I’m Very Successful Externally, But I Can’t Live My Life


The Squabble I have a beautiful husband, two beautiful girls, a beautiful home and a great job. But I weep because I hate myself every night. I am horrified by my incapacity to face the pressures–economic, intellectual and emotional. I see others facing real problems and I do not understand why I can’t handle myself with my my countless benefits. My wife believes that I have been excessively loved as a kid and always pursue an unattainable A grade. My job is stressful and involves enormous budgets. I lost a child in utero five years ago–an enormously painful experience. I fear that stopping work would harm my children and burden my husband with heavy burden.But it’s sad to see our girls less than an hour a day. It might mean my kids are taken away and I will lose my work and destroy my family by acknowledging it.

Mariella answers You have a vivid fantasy. I can guarantee you that depression would not imply that your kids were carried away if that were part of the matter. This is a diagnosis that awaits the treatment, not a disease that will unravel after it has been recognized. As parents, when life began to fall, it would be little if any kids were not cared for as soon as we are considered insufficient. You may be amazed to learn how many individuals are fighting for self-esteem and depression in every way of life. The ingredients we are told are essential to a happy life and disappointment is at the core of a lot of present disappointment.

What can you do if you have all, but it feels like the other way around? You’re not the first individual to fight with a conundrum like this. It would make much more useful to follow a cash if it could actually purchase happiness, but I saw too many instances in my five decades to keep this true. It seems, however, that your high life expectancy is preventing you from being satisfied with what you have accomplished to date.

Aren’t you a strange anomaly? It’s not that the division between what you seem to be outwardly and what you feel internally is disturbing. This is a disease that many of us have encountered. The problem is how your doomsday predictions are inflated in comparison with your life’s truth. To say that you show “everything or nothing” tends to underplay the drama of those opposing instincts. It sounds like for a great part of your life you’ve been like an inferno and burned out.

You would be anathema to what you describe as the concept of time saving to develop what you want from your brief tenure on the planet. It is precisely what you must do, however. We may live in a globe which says external achievement is essential, but deep inside we all understand that what impresses others often brings private fulfillment.The least constructive option is to maintain the status quo while hoping desperately that basic changes will take place. Every region in your lives is red, so you need to be serious about your well-being and learn to be kind.

The first thing you need to do is visit a GP or contact an organization to which your emotions can be relieved (Trial Mind, charity for mental health, at 0300 123 3393, mind.org.uk). Professional participation will create a big difference in the diagnosis and support of your present state of mind.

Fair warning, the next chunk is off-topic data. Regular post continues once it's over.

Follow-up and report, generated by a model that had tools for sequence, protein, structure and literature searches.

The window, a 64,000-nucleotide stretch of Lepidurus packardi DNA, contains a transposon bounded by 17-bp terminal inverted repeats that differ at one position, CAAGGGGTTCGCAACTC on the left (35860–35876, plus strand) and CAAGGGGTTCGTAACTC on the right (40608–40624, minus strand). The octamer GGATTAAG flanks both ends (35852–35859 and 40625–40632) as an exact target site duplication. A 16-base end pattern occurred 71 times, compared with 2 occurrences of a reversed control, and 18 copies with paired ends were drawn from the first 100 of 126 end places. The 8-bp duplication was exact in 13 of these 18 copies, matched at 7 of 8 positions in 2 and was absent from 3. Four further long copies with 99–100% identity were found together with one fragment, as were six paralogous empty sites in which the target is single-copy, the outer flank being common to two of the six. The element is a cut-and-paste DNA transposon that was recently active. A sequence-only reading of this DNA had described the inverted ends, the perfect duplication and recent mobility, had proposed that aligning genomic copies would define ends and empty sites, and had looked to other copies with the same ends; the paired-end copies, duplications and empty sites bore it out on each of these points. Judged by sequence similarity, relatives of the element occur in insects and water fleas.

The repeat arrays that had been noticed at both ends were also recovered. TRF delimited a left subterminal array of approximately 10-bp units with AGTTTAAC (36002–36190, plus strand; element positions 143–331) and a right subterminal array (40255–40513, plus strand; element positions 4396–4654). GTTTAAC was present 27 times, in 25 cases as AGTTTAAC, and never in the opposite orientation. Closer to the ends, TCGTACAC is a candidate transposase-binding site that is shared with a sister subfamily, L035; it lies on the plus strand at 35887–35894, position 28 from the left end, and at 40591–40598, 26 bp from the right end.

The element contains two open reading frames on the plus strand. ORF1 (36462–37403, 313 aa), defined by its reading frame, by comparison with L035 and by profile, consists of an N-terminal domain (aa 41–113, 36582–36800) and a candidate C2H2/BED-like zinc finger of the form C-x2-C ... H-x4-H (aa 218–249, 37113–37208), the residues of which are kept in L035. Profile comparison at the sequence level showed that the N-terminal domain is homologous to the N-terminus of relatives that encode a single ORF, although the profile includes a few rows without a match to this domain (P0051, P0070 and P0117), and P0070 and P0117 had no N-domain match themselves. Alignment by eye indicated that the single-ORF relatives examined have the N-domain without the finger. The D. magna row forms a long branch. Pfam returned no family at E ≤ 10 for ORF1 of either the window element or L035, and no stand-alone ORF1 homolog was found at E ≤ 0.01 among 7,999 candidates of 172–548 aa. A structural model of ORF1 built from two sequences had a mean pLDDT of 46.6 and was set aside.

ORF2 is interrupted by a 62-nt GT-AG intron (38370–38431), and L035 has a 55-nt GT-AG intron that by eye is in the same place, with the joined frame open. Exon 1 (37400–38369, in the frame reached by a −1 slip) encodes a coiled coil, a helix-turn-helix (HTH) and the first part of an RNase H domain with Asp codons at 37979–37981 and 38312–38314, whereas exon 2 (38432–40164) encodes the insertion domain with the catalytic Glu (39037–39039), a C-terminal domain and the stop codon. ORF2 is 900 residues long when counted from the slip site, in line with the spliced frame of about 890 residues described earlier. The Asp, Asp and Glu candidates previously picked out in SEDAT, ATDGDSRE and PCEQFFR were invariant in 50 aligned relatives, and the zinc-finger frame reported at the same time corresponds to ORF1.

I can only read your letter and look at the globe that we have developed with growing interest. It really makes me want to get to the bottom of life’s meaning— which can not be burdened, desperately attached to any and all possibilities for more wealth or to the detriment of our health until our bodies collapse in fear.

I have been in remote Ireland this summer and on a small island in Greece, each with a comparable perspective on what constitutes a healthy life: food in the stomach, time for friends, family, sleep and a relaxation distance enough between you and a whirlwind world to be able to look at stuff in proportive percentage rather than being caught in the storm’s eye. They may not be the most prosperous economies, although Irish companies can be seen, but they are definitely less likely to lie on their deathbeds to wonder where the time has passed!

I can’t be certain that your husband is happy to share more loads, but I know it doesn’t make for good, sustainable living every day to fight for a lifestyle that doesn’t give you happiness. How much of your present dissatisfaction with child loss is unknown, but it’s one of the numerous fields you should stop and see as you try to restart your settings. You sound like an incredible energy phenomenal woman, none of whom presently addresses your own well-being. I recommend that you prioritize yourself not just for yourself, but for your kids too

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About the Author: Peter Beaumont

Peter Beaumont is a senior reporter on the Guardian's Global Development desk. He has reported extensively from conflict zones including Africa, the Balkans and the Middle East and is the author of The Secret Life of War: Journeys Through Modern Conflict. Email: peter@thehearus.com